Origin of private
Synonyms for private
Antonyms for private
Related Words for privateindependent, confidential, separate, secret, individual, exclusive, special, secluded, quiet, soldier, inside, privy, closet, particular, solitary, sailor, infantry, GI, clandestine, discreet
Examples from the Web for private
Contemporary Examples of private
ROME — What does it take for a Hollywood A-lister to get a private audience with Pope Francis?Pope Francis Has the Pleasure of Meeting Angelina Jolie for a Few Seconds
Barbie Latza Nadeau
January 8, 2015
The family was taking some private moments for a closing of the coffin in keeping with Chinese ritual.Funeral Protest Is Too Much for NYPD Union Boss
January 5, 2015
But while his public profile receded, his private life blossomed.Ed Brooke: The Senate's Civil Rights Pioneer and Prophet of a Post-Racial America
January 4, 2015
My nickname was Captain, though I was a private, first class.The Story Behind Lee Marvin’s Liberty Valance Smile
January 3, 2015
The role of private investigators has stirred controversy in the investigation.U.S. Spies Say They Tracked ‘Sony Hackers’ For Years
January 2, 2015
Historical Examples of private
The morning after his arrival, Artaphernes had a private audience with his royal master.Philothea
Lydia Maria Child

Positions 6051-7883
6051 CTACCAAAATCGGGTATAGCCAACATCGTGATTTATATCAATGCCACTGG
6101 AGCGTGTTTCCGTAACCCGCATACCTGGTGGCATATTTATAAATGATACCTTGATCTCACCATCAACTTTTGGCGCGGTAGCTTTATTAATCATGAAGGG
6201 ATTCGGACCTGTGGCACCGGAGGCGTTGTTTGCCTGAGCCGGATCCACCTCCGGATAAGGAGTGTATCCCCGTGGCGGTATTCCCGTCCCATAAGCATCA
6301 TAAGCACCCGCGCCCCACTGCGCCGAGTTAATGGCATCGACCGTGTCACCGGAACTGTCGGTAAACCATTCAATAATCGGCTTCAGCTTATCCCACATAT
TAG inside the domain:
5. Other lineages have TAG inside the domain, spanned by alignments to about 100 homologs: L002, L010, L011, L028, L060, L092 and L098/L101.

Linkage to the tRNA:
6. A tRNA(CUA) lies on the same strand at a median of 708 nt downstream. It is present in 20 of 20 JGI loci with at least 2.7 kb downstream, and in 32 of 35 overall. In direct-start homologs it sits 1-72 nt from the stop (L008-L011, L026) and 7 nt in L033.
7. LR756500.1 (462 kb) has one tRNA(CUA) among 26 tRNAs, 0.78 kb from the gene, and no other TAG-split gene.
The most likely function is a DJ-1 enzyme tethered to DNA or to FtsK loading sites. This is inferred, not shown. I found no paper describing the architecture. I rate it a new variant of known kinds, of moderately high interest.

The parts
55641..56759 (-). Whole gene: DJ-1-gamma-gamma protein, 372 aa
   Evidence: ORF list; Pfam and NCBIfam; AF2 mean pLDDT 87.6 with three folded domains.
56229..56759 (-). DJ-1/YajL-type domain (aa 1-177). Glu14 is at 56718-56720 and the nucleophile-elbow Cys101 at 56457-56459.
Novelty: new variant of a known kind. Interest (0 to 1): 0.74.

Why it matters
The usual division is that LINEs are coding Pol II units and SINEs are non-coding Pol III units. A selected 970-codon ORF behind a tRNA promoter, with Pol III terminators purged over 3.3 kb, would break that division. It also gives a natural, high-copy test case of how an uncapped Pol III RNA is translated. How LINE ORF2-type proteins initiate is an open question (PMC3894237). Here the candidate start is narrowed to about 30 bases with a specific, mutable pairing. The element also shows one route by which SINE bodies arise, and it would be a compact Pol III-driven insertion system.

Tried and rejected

In the private car the little party was beginning its own journey Eastward.
Mr. Davis, may I ask the favor of a few minutes' conversation with you in private?Brave and Bold
Fouts, with a slip of paper in his hand, beckoned him from the door of his private office.
And noo, Captain Smith, let me say a word in your private ear.
Word Origin for private
late 14c., "pertaining or belonging to oneself, not shared, individual; not open to the public;" of a religious rule, "not shared by Christians generally, distinctive; from Latin privatus "set apart, belonging to oneself (not to the state), peculiar, personal," used in contrast to publicus, communis; past participle of privare "to separate, deprive," from privus "one's own, individual," from PIE *prei-wo-, from PIE *prai-, *prei-, from root *per- (1) "forward, through" (see per).
Old English in this sense had syndrig. Private grew popular 17c. as an alternative to common (adj.), which had overtones of condescention. Of persons, "not holding public office," recorded from early 15c. In private "privily" is from 1580s. Related: Privately. Private school is from 1650s. Private parts "the pudenda" is from 1785. Private enterprise first recorded 1797; private property by 1680s; private sector is from 1948. Private eye "private detective" is recorded from 1938, American English.
1590s, "private citizen," short for private person "individual not involved in government" (early 15c.), or from Latin privatus "man in private life," noun use of the adjective; 1781 in the military sense, short for Private soldier "one below the rank of a non-commissioned officer" (1570s), from private (adj.).
In addition to the idiom beginning with private
- private eye
- free (private) enterprise
- in private